“Sake no Ana” is a 3-minute walk from Ginza Station and is open as an izakaya at night. It is a popular restaurant where you can have a delicious lunch during the day. Their menu “Favorite lunch” is one of their best where you can choose dishes from 15 kinds of side dishes. Such as the standard and monthly dishes. Nikujaga is one of them. Depending on the month, there are other lineups such as “chawanmushi,” “two-piece sashimi,” and “menchi-katsu.” Additionally, there is also coffee or tea on this selectable menu.

    Address: 3-5-8 Ginza, Chuo-ku, Tokyo Ginza Rantsuki B1F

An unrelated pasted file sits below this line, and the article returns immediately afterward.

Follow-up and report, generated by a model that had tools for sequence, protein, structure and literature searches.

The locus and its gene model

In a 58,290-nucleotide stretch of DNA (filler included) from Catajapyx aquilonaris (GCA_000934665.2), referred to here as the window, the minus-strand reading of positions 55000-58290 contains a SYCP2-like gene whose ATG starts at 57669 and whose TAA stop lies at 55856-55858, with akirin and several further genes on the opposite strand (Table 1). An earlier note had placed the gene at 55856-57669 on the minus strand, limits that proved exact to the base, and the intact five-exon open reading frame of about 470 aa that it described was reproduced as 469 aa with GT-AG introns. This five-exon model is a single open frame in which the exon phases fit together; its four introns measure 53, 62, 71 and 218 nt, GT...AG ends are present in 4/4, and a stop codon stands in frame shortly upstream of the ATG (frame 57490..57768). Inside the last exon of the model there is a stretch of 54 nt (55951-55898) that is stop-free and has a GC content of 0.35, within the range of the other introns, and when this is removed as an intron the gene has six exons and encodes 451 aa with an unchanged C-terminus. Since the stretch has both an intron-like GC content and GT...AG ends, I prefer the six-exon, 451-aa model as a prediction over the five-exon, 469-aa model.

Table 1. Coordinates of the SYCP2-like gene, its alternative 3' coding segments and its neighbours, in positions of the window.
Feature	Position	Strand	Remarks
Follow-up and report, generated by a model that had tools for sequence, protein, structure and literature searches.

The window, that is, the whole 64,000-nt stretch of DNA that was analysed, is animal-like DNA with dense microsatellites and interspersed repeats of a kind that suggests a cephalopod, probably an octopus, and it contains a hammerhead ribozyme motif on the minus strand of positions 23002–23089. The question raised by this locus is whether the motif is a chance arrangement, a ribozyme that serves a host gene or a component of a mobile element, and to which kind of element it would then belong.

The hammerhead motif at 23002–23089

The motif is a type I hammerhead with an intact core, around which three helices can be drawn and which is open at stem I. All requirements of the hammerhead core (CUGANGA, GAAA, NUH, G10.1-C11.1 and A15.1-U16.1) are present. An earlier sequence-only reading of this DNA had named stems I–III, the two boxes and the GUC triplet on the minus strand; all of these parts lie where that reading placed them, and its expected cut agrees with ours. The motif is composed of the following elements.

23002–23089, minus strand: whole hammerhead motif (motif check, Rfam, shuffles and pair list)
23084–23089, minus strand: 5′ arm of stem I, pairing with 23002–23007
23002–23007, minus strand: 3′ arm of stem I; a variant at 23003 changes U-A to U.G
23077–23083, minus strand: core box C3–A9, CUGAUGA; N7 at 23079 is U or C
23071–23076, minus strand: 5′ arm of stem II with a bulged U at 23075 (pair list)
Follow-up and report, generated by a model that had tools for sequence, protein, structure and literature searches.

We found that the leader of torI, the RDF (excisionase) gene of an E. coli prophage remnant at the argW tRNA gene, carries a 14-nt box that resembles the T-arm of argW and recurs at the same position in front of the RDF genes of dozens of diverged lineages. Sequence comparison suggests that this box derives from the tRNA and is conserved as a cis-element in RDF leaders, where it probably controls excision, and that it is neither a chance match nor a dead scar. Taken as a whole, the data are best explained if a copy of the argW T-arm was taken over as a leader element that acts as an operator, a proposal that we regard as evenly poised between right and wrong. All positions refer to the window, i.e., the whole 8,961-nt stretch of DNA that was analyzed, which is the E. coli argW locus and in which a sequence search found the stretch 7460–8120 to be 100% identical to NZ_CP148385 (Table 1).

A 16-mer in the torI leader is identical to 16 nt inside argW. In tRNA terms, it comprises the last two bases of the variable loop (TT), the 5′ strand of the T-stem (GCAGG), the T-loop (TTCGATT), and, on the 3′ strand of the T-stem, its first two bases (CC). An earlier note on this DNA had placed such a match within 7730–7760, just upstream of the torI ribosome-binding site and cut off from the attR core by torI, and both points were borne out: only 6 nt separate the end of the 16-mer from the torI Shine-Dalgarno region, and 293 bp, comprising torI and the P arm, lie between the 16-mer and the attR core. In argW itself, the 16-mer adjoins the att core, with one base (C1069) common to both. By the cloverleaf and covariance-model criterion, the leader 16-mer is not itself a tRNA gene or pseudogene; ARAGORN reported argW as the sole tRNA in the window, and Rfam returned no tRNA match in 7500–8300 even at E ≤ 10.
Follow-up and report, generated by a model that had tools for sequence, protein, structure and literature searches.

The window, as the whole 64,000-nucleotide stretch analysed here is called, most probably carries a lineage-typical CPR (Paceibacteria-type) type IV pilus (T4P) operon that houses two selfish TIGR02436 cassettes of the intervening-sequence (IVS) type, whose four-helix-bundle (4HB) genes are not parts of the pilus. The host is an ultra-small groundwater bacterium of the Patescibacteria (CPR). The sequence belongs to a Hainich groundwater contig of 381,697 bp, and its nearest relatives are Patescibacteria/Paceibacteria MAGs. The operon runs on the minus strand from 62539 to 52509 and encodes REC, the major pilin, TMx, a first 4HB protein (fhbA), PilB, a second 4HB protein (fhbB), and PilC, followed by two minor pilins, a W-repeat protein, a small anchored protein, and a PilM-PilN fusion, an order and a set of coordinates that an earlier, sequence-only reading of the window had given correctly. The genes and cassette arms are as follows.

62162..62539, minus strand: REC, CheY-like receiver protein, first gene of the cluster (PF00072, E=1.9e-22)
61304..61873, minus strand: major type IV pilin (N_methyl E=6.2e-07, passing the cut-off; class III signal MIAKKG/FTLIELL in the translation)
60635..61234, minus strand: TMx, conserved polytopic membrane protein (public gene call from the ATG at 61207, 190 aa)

Phone Number: 03-3567-1133
    Hours Open: Weekdays / Saturdays 11: 30-17: 00 LO 16:00 Sundays / Holidays 11: 30-17: 00 LO 16:00


    “Mikame” is a 3-minute walk from Ginza Station. It is a Michelin-starred Japanese restaurant.  At night, the price is unique to a luxury store; however, you can enjoy it at a wallet-friendly price at lunchtime. For lunch set meals, you can choose 2 to 3 dishes from sashimi, simmered-dishes, and grilled-dishes. You can enjoy elegantly seasoned set meals such as “Nikujaga”.

    Address: 6-4-13 Ginza, Chuo-ku, Tokyo KN Building 1F
    Phone Number: 03-3571-0573
    Hours Open: 2:00-14: 00 (LO13: 30) 17: 00-22: 00 (LO21: 30) Regular holiday: Sundays and public holidays

    Kyoya Ginza Store